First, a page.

Imagine that your school district has recently adopted a new math curriculum that will significantly change how students learn new math concepts, approach homework and get evaluated. The explanations of how to do math problems and the expectations of students will be different from previous years — and probably different from what parents remember from when they were growing up.
As a teacher, you will need to explain the new system to multiple audiences: your students, their parents and possibly groups such as the school board, other teachers or members of the community.
Teachers face this kind of challenge every day: communicating with groups who need the same basic information but will have different concerns and varying levels of understanding of the material.
“It’s really critical to consider the audience and try to see things from their perspective,” said Jan Stewart, a career coach with Emerge — Coaching for Success.
Stewart and other experts offer these tips for tailoring your communication for different educational audiences.
Analyze the audience
You need to answer several key questions about the audience.
- What do they want to know about this topic?
- What information do they already have?
- Are they likely to be happy about what you tell them, or should you prepare for resistance?
- What is the best way to communicate with this particular group?
When it comes to a new way of teaching math, students will probably be most concerned about how difficult it will be and how they will be evaluated. If the expectations are different — for example, they will be required to write more detailed explanations of their problem-solving technique than in previous years — they may have some concerns about the new system.
“Parents are more concerned about is this going to enhance their learning? How will this be different? Is this something I can understand and be able to help them with if they get stuck, or is it going to be so different from what I was taught that I won’t have a clue how to help them with their homework?” Stewart said.
On the other hand, if you’re presenting to a committee or school board considering the adoption of the curriculum, the key question is: “How will it benefit the students and the whole educational culture?” Stewart said.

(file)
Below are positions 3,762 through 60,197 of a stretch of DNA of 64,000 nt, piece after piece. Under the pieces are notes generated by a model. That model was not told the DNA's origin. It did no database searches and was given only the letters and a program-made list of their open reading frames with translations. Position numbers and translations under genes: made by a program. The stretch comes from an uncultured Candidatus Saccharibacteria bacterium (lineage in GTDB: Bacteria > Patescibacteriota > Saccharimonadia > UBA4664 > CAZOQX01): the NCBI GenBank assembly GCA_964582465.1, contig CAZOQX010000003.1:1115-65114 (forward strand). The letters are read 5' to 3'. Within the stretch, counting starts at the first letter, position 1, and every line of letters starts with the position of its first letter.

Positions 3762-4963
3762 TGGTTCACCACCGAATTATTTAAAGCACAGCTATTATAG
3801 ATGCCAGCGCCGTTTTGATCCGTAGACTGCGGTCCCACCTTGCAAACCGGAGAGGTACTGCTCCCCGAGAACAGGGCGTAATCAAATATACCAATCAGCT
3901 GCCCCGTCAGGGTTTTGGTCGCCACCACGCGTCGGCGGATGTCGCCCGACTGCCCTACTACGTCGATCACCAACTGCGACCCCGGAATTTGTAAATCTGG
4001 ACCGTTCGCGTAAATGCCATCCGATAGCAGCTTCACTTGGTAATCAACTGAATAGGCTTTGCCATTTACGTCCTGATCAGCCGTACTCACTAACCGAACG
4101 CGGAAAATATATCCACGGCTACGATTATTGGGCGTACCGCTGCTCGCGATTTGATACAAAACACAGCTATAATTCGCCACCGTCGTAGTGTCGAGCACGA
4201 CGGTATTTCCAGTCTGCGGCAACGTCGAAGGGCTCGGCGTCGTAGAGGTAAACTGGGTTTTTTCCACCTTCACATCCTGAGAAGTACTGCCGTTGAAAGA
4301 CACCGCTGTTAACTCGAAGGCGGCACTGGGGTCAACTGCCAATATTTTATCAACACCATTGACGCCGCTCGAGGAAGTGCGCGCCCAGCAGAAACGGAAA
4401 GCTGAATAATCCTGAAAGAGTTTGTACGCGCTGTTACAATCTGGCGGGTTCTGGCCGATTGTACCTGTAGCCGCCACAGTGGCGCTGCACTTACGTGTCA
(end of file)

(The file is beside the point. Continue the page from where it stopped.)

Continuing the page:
Tailoring your message
For each audience, consider whether you need to define terms, give background information or approach the topic carefully so you don’t increase their concerns.
If you’re lucky, you will be able to address each group separately.
“The easier way is preparing the same message for different audiences at different times,” said Robert Jolles, a speaker, consultant and author of books, including “How to Run Seminars and Workshops: Presentation Skills for Consultants, Trainers, and Teachers.”
This allows you to tailor both the message and the means of communication: You may introduce your students to the new curriculum during class, with frequent brief follow-ups as the year progresses. For their parents, you might first present it at Back to School Night and later send a newsletter that has more details. If the school board asks for a presentation, they will probably ask you to focus on specific questions.
Prepare a general approach, too
Don’t get too bogged down in specifics, however. At a school board meeting, for example, you may be addressing both board members and fellow parents — and even a few students. A college orientation for new students may include both the students and their parents. In these cases, you’ll need to craft a message that addresses all the different groups in your audience.